The usual amount of EMLA cream you will need to use will differ depending on your age. Adults will typically need to use 2g (half a 5g tube) of EMLA cream before a small procedure, but you should speak to your doctor or our pharmacist before using this product so you can be sure that you’re using the right dose for you.
Why do I need to answer questions before I can buy this product?
You do not need a prescription for EMLA Cream, however, you will be asked to complete a short medical questionnaire by your pill doctor pharmacist before we can take your order. This includes some simple questions that all pharmacies legally are required to ask before supplying this kind of product. This helps our pharmacy team to be sure that this product is the best choice for you.
When should this product not be used?
EMLA Cream should not be used on infants who were born before 37 weeks. Do not use this product on the genitals of children under the age of 12, or on children under 12 who are also being treated with medicines that affect blood pigment levels. Do not use this product if you are allergic to lidocaine, prilocaine, or any of the other listed ingredients. For external use only. Do not apply this cream to the following areas:
- Cuts grazes, or wounds, excluding leg ulcers
- On skin rash or areas of eczema
- In or near the eyes
- Inside the nose, ear, or mouth
- In the back passage (anus)
- On the genitals of children
Speak to your doctor or pill doctor pharmacist before using this product if you or your child:
- Have a rare inherited illness that affects the blood called ‘glucose-6-phosphate dehydrogenase deficiency’
- Have a problem with blood pigment levels called ‘methaemoglobinaemia’
- Have an itchy skin condition called ‘atopic dermatitis’ You may need to use this cream for a short period. Using this cream for longer than 30 minutes could increase the chances of a local skin reaction
- Take medications or products for heart rhythm disorders, e.g. amiodarone
Does EMLA Cream have any side effects?
Like all medications, EMLA Cream can have side effects, although not everyone will experience them. These include:
- Local skin reactions during treatment, e.g. paleness, redness, swelling
- An initially mild sensation of burning, itching, or warmth during treatment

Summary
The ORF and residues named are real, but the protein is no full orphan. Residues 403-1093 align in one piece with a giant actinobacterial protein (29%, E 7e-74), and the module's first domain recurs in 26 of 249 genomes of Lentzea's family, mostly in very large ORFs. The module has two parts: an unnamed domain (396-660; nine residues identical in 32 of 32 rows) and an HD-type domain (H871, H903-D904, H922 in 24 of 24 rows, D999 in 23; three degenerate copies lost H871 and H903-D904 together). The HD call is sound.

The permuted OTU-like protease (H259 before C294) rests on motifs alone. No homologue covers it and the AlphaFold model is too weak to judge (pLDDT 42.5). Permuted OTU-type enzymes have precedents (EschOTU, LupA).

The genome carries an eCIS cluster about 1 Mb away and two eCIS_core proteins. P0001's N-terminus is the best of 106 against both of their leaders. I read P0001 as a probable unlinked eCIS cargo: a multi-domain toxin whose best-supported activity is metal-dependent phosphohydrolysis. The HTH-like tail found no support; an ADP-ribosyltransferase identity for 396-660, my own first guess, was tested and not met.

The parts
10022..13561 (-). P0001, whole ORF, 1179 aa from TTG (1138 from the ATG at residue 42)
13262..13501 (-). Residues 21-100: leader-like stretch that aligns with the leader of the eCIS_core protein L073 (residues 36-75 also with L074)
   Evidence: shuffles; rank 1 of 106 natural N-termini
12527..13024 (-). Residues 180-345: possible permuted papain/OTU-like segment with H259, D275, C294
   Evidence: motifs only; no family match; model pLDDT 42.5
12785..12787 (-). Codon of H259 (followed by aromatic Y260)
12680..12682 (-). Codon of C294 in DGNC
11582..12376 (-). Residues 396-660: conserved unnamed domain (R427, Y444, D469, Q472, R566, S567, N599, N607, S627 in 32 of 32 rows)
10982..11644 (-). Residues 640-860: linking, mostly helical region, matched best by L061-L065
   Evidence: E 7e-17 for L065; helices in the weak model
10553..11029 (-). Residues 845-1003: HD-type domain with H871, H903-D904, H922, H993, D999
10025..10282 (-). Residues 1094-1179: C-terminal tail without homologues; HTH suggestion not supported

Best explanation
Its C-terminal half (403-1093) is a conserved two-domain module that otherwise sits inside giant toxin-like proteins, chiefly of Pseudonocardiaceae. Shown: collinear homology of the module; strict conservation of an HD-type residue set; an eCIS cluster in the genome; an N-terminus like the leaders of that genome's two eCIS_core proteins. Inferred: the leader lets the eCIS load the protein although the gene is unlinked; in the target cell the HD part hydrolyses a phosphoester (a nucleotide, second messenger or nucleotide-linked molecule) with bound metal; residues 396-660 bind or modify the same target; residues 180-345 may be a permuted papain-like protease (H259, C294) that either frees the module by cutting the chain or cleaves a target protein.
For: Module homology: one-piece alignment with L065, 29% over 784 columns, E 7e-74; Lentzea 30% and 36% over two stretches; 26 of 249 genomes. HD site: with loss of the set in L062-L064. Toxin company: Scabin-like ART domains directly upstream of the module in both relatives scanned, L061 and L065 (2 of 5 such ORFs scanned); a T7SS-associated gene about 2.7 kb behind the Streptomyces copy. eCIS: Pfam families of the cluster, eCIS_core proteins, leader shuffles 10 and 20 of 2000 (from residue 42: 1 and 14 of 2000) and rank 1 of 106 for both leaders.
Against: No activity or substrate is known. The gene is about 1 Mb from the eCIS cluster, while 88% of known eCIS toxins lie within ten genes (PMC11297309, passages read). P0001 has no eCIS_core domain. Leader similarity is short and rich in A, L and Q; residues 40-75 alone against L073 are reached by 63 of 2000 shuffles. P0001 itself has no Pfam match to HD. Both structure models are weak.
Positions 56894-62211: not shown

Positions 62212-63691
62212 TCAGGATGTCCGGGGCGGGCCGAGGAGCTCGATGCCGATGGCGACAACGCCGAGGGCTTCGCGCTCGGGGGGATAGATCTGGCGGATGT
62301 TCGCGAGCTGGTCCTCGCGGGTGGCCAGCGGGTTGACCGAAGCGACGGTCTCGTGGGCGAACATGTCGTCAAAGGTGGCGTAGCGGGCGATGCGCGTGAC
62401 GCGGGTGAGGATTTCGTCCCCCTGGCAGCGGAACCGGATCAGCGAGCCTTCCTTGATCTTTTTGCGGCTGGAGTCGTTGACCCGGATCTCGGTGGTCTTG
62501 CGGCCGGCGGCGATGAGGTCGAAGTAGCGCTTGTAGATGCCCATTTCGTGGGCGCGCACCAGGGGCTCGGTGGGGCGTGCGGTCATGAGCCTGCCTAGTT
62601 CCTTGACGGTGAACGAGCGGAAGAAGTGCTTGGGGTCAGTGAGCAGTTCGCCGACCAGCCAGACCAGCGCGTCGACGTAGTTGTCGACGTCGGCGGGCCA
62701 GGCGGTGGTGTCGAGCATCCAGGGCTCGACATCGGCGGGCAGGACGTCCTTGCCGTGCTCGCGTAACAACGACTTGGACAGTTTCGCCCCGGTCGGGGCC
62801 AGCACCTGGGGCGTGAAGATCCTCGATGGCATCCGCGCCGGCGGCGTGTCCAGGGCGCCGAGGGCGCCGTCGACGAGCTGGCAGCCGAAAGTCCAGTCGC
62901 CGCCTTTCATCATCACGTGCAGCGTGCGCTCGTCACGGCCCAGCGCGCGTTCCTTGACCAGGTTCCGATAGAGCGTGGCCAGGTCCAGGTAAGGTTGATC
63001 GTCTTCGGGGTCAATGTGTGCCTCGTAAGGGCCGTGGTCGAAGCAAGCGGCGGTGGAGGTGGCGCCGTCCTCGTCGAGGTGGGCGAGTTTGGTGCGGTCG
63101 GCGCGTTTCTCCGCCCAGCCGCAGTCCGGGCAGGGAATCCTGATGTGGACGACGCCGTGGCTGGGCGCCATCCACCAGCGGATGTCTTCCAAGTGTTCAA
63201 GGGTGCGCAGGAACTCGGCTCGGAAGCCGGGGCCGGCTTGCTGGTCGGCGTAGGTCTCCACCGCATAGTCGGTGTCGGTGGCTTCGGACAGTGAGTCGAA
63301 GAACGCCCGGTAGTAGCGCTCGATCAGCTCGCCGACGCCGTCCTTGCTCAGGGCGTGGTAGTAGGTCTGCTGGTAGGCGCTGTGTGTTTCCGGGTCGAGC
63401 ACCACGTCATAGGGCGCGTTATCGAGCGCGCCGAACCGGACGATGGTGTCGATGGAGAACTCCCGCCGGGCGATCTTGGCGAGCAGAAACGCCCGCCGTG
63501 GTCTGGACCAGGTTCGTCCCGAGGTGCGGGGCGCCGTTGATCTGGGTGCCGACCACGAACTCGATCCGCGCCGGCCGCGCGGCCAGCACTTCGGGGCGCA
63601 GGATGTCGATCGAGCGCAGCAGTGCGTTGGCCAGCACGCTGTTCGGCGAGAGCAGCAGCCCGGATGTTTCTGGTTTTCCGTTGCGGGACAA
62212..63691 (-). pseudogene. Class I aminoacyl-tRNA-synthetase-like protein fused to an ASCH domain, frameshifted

- Numbness or tingling during treatment
- Irritation of treated skin during treatment of leg ulcers
- Allergic reactions, which may be serious, and can in rare cases develop into anaphylactic shock, showing symptoms such as skin rash, swelling, fever, difficulty swallowing or breathing, fainting
- Methaemoglobinaemia, which is a blood disorder, this may be more common in infants
- Small dot-shaped bleeding on the treated area, particularly in children with eczema during longer treatment times
- Irritation of eyes
If you experience these or any side effects while using this product, stop use and speak to your doctor or pill doctor pharmacist right away on +233267000104.
How to store this product
Store in a cool, dry place which is below 30 degrees C. Store in the original packaging, do not use if the expiry date printed on the packaging has passed. Keep out of sight and reach of children.
This product is a medicine; make sure to speak to your doctor or pill doctor pharmacist before taking this product if you have an underlying medical problem or are taking any other medicine or complementary therapy. If your symptoms get worse or continue after taking this product, contact us or your doctor.
If you are pregnant, trying to become pregnant, or breastfeeding, speak to your doctor or our pharmacist before taking this product. If you suffer from any allergies, ask your doctor or our pharmacist if this medicine is right for you.
Store all medicines out of sight and reach of children.
Please read the included leaflet carefully before using this product.
Helpful Advice on Medication Restrictions & Addiction
For further information on our medication restrictions policy, please call us or WhatsApp us at +233267000104.